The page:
Chapter 3 - How to plan your IT upgrade budget


Everyone pays for IT upgrades eventually. It’s just a question of when and how. You can either plan for a fixed IT cost, or surprise your CFO with a capital budget item to cover an IT disaster.

With reactive IT spending, a typical scenario goes something like this:

Your department’s operating system lags one or two versions behind the current. The latest software patch for your mission-critical application turns out to be completely incompatible with your operating system.

So the update crashes the network, and business grinds to a screeching halt. Suddenly your IT budget is, “I need this fixed, and I don’t care how much this costs.”

Trade that off against planned, incremental IT costs.

If you schedule IT as a budget item, you have fixed costs. If you don’t plan, then the cost is unknowable. To make matters worse, you will probably have expensive downtime and delays added to the price tag. The pace of change accelerates, so the pain (and cost) of standing still accelerates as time goes on.

Plan your upgrade cycle to replace 20-25% of your equipment each year. These incremental upgrades help you keep IT costs under control with less downtime and fewer interruptions. This way, you won’t be left at the mercy of a vendor’s whims as they stop supporting old software.

Don’t put yourself in a position where a software update can put you out of business. At the end of the day, you must weigh lost opportunities and decreased productivity against IT upgrade costs.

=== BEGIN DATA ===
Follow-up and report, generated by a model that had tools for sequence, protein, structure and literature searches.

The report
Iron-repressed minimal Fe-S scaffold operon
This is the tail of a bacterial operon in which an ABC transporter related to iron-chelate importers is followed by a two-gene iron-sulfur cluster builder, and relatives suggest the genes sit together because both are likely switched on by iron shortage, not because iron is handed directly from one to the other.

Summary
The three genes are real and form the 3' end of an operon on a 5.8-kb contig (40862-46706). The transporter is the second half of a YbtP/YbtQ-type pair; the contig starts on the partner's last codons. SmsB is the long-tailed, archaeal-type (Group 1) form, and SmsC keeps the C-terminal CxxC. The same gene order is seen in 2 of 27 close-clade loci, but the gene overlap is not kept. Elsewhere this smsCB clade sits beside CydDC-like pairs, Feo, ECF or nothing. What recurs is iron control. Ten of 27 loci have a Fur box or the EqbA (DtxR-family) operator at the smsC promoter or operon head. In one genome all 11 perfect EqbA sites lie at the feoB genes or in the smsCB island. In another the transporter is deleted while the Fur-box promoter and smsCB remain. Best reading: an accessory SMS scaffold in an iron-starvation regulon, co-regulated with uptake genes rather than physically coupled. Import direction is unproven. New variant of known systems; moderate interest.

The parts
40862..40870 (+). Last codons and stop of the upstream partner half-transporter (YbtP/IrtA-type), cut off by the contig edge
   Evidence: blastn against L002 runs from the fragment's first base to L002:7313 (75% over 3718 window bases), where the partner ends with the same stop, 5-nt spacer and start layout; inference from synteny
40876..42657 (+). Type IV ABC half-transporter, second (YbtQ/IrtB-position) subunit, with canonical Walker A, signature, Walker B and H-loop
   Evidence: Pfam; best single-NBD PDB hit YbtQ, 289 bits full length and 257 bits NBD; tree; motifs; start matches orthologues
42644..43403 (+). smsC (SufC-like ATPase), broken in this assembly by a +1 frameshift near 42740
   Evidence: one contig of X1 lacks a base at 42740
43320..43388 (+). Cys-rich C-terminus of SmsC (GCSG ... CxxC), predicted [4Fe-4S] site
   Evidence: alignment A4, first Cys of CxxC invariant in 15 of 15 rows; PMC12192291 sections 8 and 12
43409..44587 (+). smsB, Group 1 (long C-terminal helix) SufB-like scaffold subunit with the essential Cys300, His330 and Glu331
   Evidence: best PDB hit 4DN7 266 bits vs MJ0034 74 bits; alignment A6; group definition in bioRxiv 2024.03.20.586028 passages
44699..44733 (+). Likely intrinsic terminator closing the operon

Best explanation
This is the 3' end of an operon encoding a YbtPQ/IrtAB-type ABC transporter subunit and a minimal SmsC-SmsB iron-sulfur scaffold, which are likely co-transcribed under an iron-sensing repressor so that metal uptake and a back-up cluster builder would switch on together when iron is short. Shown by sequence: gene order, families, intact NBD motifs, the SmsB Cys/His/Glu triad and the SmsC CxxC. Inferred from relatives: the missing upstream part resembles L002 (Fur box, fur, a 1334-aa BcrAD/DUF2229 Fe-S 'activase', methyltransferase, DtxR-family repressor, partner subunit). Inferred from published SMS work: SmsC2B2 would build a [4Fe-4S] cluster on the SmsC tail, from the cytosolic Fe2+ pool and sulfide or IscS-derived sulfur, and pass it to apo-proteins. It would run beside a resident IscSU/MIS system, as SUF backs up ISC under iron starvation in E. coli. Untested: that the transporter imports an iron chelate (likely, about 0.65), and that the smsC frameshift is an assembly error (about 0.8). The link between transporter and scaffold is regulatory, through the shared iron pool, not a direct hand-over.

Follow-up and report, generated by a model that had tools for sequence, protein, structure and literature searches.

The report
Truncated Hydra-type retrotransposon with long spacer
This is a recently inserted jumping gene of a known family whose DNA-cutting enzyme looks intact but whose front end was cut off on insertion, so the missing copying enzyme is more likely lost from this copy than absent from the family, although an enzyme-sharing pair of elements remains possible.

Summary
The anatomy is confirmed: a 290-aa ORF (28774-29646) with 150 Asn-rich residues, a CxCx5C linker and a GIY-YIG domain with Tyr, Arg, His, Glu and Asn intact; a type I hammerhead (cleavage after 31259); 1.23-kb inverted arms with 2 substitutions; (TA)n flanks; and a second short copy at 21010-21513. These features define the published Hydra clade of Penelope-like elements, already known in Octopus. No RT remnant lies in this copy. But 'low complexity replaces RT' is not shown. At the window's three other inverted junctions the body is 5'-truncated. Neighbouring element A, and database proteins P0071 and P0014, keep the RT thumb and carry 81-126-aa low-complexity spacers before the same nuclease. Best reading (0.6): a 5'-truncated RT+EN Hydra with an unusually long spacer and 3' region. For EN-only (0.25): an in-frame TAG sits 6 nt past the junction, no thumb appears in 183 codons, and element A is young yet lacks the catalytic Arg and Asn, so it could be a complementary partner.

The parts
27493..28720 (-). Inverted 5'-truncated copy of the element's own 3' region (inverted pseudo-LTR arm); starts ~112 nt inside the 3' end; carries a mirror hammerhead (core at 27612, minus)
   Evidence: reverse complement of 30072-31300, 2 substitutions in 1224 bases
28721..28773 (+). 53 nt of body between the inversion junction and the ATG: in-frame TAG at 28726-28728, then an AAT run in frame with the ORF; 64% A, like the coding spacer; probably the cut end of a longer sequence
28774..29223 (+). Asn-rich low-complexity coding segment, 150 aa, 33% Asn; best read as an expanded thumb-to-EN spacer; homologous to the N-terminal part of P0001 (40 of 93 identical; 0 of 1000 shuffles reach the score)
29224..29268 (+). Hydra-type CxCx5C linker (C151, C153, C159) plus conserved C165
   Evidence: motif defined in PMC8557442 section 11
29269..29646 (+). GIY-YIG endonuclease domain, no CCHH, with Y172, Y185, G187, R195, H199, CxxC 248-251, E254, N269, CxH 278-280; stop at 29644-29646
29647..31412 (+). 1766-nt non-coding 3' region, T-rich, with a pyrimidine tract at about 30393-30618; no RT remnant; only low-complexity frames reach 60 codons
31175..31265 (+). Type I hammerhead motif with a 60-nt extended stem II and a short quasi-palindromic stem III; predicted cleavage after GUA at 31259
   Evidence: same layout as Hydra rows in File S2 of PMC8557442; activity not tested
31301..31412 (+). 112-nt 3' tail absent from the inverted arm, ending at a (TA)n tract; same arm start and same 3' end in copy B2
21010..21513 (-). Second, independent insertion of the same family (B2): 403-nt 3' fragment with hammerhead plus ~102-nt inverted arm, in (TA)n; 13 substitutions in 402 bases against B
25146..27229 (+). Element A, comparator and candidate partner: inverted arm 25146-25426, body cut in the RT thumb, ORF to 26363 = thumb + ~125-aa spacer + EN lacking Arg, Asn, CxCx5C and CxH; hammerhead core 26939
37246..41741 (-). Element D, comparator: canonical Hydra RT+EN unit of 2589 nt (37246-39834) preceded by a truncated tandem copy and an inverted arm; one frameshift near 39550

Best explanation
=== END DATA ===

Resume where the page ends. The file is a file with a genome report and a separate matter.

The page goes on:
Planning for upgrades lets you take control of own destiny. You can provide technology solutions that truly benefit the business, rather than putting out the latest fire. Pro-active planning can also help you avoid costly mistakes.

Strive for accuracy. Get granular with the details to make sure all costs are captured (training, maintenance agreements. Check your budget for last year and see how close your projections matched actual expenses.

Be as realistic as possible.
Avoid projecting too high to cover errors or lack of proper planning. On the other hand, don’t lower projections to show your department’s value. This still holds true even if your senior manager doesn’t understand IT, and relentlessly focuses on cutting costs. You need to be honest about the correct level of spending required to maintain productivity.

Budget for the unexpected. Look at historic trends to set aside a reasonable amount for unplanned expenses. Even the best plans need room for Murphy’s Law.

Check in with other departments. Business direction can change quickly in this economy. Discussions you know nothing about can alter strategic goals, requiring you need to shift your budget accordingly.

Ready to get your IT spending under control? Call SIG today: 918-227-9800.

On to Chapter 4